A total evidence analysis of the evolutionary history of the thunnosaur ichthyosaur
Abstract (Summary)Ichthyosaurs first appear in the Early Triassic with an elongate, lizard-shaped anatomy. The most derived ichthyosaurs, including the Late Triassic to Early Jurassic Eurhinosauria and the Late Triassic to Mid Cretaceous Thunnosauria, evolved more streamlined fish-shaped bodies. A species-level cladistic analysis of this derived group of ichthyosaurs, using 60 characters for 17 outgroup taxa and one ingroup taxon, was conducted using PAUP* (Swofford, 1998). The new analysis is compared to that of Motani's (1999b) genus-level analysis of ichthyosaurs by looking at the clade-defining character state changes in each. I use a total evidence approach, meaning a detailed phylogenetic analysis plus data on stratigraphic and geographic occurrences, to answer two questions. First, is it more plausible to place Stenopterygius as a sister to the Ophthalmosauria or to permit the longer ghost lineage for Ophthalmosauria that would be required if Ichthyosaurus is its sister taxon, a question suggested by Motani (1999b)? A phylogenetic tree incorporating known stratigraphic ranges was constructed, based on the species-level cladistic analysis, to help quantify the stratigraphic debt using the relative completeness index (RCI), stratigraphic congruency index (SCI) and the gap excess ratio (GER). When a species-level analysis was performed, four previously defined clades fell apart, including Leptonectes, Stenopterygius, Eurhinosauria and Ophthalmosauria. Hence, Motani's (1999b) suggestion that Stenopterygius and Ophthalmosauria be placed as sister taxa is not supported by this analysis; nor is placing Ichthyosaurus as the sister group supported. Rather, the ophthalmosaurian taxa were pulled down the tree in the species-level analysis, creating even longer ghost lineages than were previously present. These longer ghost lineages are the primary cause of the observed stratigraphic debt, along with Eurhinosaurus longirostris, Leptonectes solei, and Excalibosaurus costini. Despite these increases, overall the species-level phylogeny is more stratigraphically parsimonious than Motani's (1999b) genus-level one. The second question this study addressed was to determine whether the radiation of the Ophthalmosauria was influenced by the opening of new marine habitats from the widening of the Atlantic and/or the appearance of morphological novelties. The radiation of the Ophthalmosauria into North and South America coincides with the widening of the North and South Atlantic during the Late Jurassic, as well as nine synapomorphies involving changes to the ear and lower jaw region, numerous changes in the forefins (including extra digits) and pelvis. These characters may be associated with adaptations to more efficient swimming in open ocean habitats, helping the groups' biogeographic dispersion. Hence, both tectonic events and the evolution of morphological innovations likely influenced the radiation of the Ophthalmosauria.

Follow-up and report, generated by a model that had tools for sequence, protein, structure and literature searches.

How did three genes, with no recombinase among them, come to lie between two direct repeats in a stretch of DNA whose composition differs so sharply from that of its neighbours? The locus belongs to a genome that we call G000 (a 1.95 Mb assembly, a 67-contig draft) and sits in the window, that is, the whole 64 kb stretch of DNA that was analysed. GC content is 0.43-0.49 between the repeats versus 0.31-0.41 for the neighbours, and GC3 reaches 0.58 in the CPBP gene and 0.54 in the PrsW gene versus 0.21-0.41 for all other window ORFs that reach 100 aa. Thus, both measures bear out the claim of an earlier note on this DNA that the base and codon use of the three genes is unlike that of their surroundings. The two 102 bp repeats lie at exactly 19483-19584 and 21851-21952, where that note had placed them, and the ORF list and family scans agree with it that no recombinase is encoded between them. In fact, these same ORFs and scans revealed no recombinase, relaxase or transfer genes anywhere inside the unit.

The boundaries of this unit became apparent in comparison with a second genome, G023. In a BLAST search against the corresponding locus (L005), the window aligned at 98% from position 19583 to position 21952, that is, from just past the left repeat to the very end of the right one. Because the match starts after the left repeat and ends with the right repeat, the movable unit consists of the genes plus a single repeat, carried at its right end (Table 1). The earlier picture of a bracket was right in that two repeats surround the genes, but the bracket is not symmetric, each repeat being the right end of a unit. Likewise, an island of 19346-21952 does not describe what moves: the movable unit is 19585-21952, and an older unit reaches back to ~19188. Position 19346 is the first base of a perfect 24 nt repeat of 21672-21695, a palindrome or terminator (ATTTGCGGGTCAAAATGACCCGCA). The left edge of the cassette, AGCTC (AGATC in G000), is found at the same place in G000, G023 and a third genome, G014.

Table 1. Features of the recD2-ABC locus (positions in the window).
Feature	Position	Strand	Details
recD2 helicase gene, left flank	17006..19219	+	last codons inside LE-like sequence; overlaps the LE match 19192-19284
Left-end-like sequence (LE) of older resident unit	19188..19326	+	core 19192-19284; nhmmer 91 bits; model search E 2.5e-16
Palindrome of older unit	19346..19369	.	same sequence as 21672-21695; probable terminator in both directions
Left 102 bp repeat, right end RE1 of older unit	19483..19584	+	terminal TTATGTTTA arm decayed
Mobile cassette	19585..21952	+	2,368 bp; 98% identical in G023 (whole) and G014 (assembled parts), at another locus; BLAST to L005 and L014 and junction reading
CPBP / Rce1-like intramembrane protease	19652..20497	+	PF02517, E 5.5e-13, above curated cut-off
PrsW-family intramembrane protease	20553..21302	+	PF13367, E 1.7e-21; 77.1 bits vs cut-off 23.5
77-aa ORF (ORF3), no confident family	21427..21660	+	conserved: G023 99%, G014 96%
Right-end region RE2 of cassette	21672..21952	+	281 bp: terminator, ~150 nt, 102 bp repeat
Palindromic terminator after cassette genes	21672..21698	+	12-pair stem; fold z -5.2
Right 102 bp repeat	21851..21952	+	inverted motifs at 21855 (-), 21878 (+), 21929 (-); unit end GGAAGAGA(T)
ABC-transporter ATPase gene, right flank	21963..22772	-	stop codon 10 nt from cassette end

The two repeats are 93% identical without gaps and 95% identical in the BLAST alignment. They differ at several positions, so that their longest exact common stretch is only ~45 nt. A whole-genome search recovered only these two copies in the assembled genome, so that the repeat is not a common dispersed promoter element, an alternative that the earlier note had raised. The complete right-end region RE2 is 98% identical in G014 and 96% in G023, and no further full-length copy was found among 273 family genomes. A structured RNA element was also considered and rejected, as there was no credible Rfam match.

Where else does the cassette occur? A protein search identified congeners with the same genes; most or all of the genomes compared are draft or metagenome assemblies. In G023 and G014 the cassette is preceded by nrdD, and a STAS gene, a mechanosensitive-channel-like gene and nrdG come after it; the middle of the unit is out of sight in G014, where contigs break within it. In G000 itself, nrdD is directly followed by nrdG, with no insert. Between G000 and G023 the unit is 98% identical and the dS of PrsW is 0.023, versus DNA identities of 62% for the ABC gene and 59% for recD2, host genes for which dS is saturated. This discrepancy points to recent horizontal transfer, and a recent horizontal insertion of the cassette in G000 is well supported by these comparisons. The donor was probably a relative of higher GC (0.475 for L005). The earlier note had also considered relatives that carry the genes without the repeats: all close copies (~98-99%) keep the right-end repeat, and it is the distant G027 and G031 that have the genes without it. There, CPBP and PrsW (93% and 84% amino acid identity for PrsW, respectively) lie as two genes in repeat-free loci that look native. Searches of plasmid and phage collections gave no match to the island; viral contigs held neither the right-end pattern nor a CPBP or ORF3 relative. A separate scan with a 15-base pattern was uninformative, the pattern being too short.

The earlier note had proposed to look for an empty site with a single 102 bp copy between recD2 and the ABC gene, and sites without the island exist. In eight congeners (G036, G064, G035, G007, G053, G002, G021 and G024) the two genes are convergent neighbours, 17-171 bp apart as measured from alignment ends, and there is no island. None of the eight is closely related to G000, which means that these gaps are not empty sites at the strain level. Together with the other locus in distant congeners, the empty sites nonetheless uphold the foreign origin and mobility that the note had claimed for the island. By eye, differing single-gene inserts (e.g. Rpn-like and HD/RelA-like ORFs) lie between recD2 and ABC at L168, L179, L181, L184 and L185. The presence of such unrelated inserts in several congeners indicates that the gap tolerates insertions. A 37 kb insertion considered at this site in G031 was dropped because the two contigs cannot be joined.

School Location:USA - Ohio
Source Type:Master's Thesis
Date of Publication:01/01/2008